Friday, Dec 09, 2022

Indian-origin schoolboy in UK wins major physics prize

Pratap Singh won the prize for conducting an experiment that verified an effect of Einstein's theory of special relativity.

A 15-year-old Indian-origin schoolboy in the UK has been awarded the Institute of Physics Prize for conducting an experiment that verified an effect of Albert Einstein’s theory of special relativity.

Pratap Singh, a student at The Perse School, Cambridge, has won the 500 pounds Institute of Physics (IOP) prize at the Big Bang Fair held at the National Exhibition Centre in Birmingham in March.

The prize was among several awarded in the finals of the National Science and Engineering Competition at the fair.

More than 200 UK students aged 11-18 competed in the finals, demonstrating their projects to thousands of visitors.

Subscriber Only Stories
What Mallika Sarabhai’s The Conference of the Birds has to say abou...Premium
What is ‘Stiff-Person Syndrome’, the rare neurological disord...Premium
Delhi Confidential: Despite tumultuous relationship, Mamata is first to c...Premium
The new Gujarat House: 105 fresh faces, 14 women legislators, 1 Muslim; 7...Premium

In his experiment, Singh used two Geiger-Muller tubes to detect cosmic-ray muons, which should not reach the Earth in detectable numbers unless time dilation occurs.

He created a mathematical model for their arrival rate with and without time dilation, and using a Raspberry Pi and some statistical analysis, showed that they follow the model predicted by Einstein’s 1905 theory of special relativity.

His experiment was compact enough to fit inside a shoebox.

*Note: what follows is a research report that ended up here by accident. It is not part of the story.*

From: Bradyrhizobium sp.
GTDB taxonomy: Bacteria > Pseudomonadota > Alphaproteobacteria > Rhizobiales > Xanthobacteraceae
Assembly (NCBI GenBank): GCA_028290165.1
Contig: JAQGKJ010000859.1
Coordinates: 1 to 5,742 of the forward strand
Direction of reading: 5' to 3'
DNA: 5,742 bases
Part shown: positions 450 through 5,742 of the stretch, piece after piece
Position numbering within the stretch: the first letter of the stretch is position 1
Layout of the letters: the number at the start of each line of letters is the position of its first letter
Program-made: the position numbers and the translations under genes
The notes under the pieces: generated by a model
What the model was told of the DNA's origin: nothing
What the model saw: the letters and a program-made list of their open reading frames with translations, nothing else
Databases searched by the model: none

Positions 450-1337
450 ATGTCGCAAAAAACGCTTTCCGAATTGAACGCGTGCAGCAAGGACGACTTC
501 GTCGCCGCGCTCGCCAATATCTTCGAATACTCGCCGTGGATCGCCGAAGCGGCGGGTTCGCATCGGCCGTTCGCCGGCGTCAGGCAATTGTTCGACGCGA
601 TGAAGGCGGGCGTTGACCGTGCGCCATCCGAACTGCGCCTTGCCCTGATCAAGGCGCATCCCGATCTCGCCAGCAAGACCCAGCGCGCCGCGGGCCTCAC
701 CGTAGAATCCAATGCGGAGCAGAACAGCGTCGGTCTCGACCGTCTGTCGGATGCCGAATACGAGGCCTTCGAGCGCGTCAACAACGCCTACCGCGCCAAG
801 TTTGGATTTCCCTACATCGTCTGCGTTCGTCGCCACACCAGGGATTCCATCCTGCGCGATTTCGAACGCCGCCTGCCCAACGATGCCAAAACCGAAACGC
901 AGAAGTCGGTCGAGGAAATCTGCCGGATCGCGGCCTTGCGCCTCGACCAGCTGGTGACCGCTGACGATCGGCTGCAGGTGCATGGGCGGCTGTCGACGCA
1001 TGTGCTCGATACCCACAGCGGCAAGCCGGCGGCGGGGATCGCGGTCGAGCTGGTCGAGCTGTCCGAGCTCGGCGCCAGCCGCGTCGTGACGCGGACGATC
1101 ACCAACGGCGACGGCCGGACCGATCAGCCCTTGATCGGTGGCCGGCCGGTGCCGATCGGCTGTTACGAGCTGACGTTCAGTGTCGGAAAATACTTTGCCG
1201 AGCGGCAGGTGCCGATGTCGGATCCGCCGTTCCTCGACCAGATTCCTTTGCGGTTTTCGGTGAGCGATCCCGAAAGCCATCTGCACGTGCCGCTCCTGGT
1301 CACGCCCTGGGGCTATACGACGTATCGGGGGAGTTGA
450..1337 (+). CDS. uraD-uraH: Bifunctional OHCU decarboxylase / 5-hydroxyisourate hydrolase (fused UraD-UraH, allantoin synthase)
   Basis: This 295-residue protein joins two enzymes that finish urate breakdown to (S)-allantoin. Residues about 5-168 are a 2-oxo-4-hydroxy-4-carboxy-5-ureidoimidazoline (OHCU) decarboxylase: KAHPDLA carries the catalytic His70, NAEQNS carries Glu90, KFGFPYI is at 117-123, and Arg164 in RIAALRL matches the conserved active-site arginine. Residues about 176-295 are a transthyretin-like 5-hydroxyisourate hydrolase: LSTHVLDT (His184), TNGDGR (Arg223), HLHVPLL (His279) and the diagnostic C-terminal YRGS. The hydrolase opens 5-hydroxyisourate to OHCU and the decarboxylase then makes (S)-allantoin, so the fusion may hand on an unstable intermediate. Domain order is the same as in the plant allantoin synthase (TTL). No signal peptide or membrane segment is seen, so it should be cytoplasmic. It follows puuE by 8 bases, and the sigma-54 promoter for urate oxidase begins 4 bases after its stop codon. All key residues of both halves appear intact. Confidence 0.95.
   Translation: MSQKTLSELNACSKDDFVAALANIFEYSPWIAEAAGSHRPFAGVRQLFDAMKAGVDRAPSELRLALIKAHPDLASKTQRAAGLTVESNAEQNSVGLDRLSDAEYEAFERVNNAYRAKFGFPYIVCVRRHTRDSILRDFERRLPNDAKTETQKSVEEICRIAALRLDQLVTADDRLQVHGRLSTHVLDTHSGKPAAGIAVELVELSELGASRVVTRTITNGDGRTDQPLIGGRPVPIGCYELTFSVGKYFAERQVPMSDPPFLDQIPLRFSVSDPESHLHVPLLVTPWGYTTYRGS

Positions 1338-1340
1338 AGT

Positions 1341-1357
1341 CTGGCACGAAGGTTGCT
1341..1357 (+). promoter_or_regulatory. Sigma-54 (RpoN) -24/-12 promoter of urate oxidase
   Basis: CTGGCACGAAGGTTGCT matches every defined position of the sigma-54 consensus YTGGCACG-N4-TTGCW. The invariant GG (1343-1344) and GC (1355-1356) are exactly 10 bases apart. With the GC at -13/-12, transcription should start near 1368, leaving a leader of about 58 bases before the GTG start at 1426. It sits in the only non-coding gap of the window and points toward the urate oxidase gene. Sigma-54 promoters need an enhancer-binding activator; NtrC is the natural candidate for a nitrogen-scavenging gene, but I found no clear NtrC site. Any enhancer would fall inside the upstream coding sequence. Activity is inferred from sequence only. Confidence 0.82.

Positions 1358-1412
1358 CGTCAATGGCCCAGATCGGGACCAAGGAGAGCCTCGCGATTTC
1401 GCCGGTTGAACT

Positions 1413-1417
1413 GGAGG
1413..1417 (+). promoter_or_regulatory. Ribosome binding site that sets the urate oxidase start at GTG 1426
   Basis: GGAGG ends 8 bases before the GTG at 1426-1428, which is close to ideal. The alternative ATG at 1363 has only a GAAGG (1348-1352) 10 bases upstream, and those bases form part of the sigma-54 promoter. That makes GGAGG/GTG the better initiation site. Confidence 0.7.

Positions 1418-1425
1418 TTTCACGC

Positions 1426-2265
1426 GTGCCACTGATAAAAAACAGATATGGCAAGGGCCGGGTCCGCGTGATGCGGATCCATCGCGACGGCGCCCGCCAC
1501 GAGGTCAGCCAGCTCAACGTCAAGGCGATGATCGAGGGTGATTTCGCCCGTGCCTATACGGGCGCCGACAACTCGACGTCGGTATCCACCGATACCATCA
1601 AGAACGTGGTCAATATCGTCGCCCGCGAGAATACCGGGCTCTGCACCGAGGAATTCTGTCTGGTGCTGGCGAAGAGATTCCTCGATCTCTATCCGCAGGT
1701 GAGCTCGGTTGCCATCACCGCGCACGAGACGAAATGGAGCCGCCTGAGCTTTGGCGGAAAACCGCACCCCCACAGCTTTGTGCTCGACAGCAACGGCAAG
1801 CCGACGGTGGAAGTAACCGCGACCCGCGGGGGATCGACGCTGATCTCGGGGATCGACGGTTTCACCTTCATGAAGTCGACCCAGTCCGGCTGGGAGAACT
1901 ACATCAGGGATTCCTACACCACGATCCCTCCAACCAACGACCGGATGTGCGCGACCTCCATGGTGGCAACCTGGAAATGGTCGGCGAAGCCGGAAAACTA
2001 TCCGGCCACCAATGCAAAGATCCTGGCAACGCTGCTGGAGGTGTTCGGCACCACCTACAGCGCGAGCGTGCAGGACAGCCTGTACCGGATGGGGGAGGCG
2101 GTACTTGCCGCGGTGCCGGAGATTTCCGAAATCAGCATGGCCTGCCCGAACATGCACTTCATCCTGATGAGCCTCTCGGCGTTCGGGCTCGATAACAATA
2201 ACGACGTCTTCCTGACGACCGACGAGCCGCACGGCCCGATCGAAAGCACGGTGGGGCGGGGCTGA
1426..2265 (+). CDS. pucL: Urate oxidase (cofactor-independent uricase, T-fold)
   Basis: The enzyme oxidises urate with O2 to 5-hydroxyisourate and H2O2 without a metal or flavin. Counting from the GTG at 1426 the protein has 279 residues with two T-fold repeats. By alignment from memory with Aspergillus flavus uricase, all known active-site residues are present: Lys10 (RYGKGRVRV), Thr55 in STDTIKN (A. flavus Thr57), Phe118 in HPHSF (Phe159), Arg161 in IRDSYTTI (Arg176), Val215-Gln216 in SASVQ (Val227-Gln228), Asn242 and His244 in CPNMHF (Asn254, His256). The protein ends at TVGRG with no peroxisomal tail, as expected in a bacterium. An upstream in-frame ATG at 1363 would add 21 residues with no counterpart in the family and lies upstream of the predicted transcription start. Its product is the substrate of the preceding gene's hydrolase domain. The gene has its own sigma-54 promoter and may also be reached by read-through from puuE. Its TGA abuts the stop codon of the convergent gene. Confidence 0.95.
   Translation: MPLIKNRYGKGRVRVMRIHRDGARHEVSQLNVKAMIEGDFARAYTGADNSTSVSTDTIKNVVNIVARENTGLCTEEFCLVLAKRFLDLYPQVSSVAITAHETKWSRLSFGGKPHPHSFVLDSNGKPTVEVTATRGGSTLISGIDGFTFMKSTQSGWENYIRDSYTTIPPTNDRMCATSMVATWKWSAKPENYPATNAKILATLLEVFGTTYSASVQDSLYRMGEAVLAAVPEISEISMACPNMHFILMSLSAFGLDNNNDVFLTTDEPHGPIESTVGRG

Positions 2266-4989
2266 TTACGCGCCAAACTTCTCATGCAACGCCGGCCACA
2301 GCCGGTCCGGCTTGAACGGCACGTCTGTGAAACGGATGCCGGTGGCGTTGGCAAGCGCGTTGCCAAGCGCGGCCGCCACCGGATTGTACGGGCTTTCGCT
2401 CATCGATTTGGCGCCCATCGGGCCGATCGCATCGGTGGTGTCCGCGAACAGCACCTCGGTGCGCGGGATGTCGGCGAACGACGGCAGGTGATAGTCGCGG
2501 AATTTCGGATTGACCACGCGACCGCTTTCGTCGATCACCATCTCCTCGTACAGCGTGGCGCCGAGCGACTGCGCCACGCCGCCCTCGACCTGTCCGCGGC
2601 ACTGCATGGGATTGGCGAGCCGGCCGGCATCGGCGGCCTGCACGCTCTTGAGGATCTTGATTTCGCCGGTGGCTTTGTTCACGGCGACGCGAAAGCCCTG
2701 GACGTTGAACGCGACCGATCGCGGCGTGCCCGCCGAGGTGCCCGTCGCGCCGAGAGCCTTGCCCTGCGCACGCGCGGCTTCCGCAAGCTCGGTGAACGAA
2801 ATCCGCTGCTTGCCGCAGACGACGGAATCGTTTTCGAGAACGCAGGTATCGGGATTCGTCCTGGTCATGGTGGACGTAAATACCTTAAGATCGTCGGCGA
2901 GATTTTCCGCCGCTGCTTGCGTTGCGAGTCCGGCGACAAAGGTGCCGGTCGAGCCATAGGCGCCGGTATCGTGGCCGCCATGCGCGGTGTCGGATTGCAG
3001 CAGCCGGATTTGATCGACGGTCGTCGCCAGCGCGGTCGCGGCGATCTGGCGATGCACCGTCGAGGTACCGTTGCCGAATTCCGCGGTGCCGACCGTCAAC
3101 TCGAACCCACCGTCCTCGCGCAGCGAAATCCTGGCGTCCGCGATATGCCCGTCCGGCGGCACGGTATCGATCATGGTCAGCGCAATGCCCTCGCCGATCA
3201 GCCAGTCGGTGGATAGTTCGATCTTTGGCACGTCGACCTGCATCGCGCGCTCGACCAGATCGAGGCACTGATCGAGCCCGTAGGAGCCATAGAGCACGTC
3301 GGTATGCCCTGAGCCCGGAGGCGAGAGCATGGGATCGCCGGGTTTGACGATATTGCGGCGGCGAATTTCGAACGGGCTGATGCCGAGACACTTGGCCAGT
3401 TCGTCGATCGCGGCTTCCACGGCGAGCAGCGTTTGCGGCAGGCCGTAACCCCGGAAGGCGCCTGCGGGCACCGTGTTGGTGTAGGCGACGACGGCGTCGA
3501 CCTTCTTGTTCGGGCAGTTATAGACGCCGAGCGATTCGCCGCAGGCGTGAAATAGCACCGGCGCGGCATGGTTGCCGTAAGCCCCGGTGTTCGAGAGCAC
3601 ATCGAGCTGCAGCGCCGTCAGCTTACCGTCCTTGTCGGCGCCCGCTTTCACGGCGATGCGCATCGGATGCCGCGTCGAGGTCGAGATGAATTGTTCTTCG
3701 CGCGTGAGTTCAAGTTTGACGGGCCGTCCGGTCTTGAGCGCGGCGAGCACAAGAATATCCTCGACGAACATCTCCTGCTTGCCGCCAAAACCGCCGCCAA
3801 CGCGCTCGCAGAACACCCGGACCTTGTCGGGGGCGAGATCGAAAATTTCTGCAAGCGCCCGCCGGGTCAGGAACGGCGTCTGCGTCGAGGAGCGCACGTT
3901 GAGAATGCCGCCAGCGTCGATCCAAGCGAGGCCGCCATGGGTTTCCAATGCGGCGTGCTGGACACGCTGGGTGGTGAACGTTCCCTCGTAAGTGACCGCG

“I am absolutely thrilled to have won the IOP prize,” Singh said.

“I am especially happy that over the course of this project I was able to bring together the theory, create a mathematical model, and using just school physics lab equipment build an apparatus to observe relativistic time dilation,” he said.

The prize also includes a trip to a national  physics-related activity, ‘Cambridge News’ reported.


The IOP’s head of outreach and engagement, Johanna Kieniewicz, and the IOP’s regional officer for the Midlands, David Wilkinson, jointly judged the prize.

“I’d like to congratulate Pratap Singh on winning the Institute of Physics prize with his outstanding project. He demonstrated remarkable creativity in his approach to the problem, bringing together theory grounded in robust science with practical ingenuity,” Kieniewicz said.

An article that Singh wrote about his experiment will be published in Physics Education, a journal published by the IOP.

First published on: 06-04-2015 at 01:57:47 pm
Next Story

After two years, Cern restarts Large Hadron Collider

Latest Comment
Post Comment
Read Comments